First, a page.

Addressing a related question from the audience, Assoc Prof Maznah said that we must be responsible even when addressing perpetrators of violent acts in the name of a religion. She highlighted that terrorists who happened to be Muslim were not Islamic but Islamist, meaning that they were motivated by ideology rather than religious teachings. 

Mr Tong brought the discussion back home, relating the matter of three domestic workers who were detained by Singapore security forces because they had been radicalised online. While broadly agreeing with Assoc Prof Maznah, he noted that these types of incidents raise concerns among citizens about the supposed profile of extremists, and who could be identified as a potential extremist. On the other hand, Ms Pandith cautioned that extremist acts are related to one another, drawing a connection to Ms Birrell’s earlier remarks. “Whether (the extremists) are white supremacists in Christchurch or Oslo (versus the Sri Lankan terrorists who struck on Easter Sunday), these groups are learning from one another, in terms of impact.”
As the conversation progressed, Mr Viswa added that he hoped such open discussions would lead to a “process that heals,” even if it did occasionally raise negative sentiments. “The fact that we can sit here and talk, openly, shows that there is a certain level of trust.”

When the discussion opened up for Q&A, the panel took a question from Singapore’s Ambassador to Kuwait Mr Zainul Abidin Rasheed (Arts and Social Sciences ’71), who wondered where local Muslims might look to find models of inclusive societies, and to speak out against extreme ideologies. Mr Tong responded that Singapore, as one of the most diverse societies in the world, had to find its own models. “We have had to create our own rules. We have been doing that since we became independent… We have legislation that sets out the outer parameters. We have the Sedition Act, the Maintenance of Religious Harmony Act. We have laws that govern what we can say.” On this same point, Assoc Prof Maznah said that Muslims have to do more than defend themselves against discrimination. “As far as explaining what Islam is about, about gender relationships, racial relationships, I don’t think Muslims have done much. (Having said that) it is important to realise that Islam is not monolithic; there are plenty of discussions within Islam. The moderate voice is one of the voices contesting within Islam.” She concluded that moderate voices in Islam — if that is what society overall wants to engage with — need resources to compete with more extreme and radical voices.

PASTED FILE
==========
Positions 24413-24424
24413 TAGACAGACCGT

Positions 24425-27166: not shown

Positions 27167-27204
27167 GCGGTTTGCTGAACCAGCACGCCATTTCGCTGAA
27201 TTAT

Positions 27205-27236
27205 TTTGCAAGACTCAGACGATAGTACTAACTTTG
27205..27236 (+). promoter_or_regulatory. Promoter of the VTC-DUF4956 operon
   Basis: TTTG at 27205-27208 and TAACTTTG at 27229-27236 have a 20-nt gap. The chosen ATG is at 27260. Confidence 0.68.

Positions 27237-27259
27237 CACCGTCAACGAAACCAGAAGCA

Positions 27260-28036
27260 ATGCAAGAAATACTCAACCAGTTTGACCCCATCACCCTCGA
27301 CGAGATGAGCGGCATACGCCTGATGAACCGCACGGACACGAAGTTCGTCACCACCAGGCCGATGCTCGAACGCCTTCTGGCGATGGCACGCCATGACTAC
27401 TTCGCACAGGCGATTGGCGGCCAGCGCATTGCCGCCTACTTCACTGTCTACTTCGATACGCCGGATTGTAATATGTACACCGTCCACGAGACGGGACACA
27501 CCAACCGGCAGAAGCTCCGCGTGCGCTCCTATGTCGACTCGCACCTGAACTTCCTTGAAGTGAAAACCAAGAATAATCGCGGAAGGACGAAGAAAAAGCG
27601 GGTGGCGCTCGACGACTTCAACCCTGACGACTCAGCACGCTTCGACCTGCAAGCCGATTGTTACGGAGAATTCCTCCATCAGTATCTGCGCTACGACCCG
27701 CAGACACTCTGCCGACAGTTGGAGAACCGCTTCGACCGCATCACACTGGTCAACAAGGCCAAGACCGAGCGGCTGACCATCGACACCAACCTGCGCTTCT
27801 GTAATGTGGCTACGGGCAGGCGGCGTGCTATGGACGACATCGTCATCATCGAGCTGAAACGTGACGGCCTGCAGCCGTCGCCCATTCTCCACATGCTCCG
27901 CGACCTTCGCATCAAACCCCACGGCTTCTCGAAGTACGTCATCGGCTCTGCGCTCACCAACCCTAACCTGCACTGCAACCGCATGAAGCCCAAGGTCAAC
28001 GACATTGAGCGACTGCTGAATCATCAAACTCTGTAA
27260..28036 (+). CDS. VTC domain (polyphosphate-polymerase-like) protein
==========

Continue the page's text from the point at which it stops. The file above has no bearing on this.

Of awareness and Understanding

Besides Ms Birrell, another participant of the student essay competition was also present, as an audience member. Mr Brandon Yip (Arts and Social Sciences ’18) — and fellow runner-up — echoed Mr Viswa and Mr Tong’s sentiments that having an open discussion was itself a positive sign. He noted that he was one of the essayists Assoc Prof Maznah was referring to in her remarks about the backlash against the use of the word “Islamophobia”. “I wanted to problematise the word Islamophobia because it is too (easy) to dismiss. Because if we dismiss so-called Islamophobes as purely irrational we don’t learn anything about the underlying reasons behind their convictions.”

Mr Yip’s thoughts about the forum echoed those of many other attendees that night. Mr Abdul Hakeem (Science ’87) and currently a religious teacher, was most concerned about the state of Muslims themselves, and felt that focusing on being a part of humanity itself was the right way forward. He noted that he felt that his own children and their peers in Singapore felt themselves to be human beings, first and foremost, which is also something the Quran emphasises. 

Feeding on Fear

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Source: UC Berkeley/FBI

Text by Ashok Soman.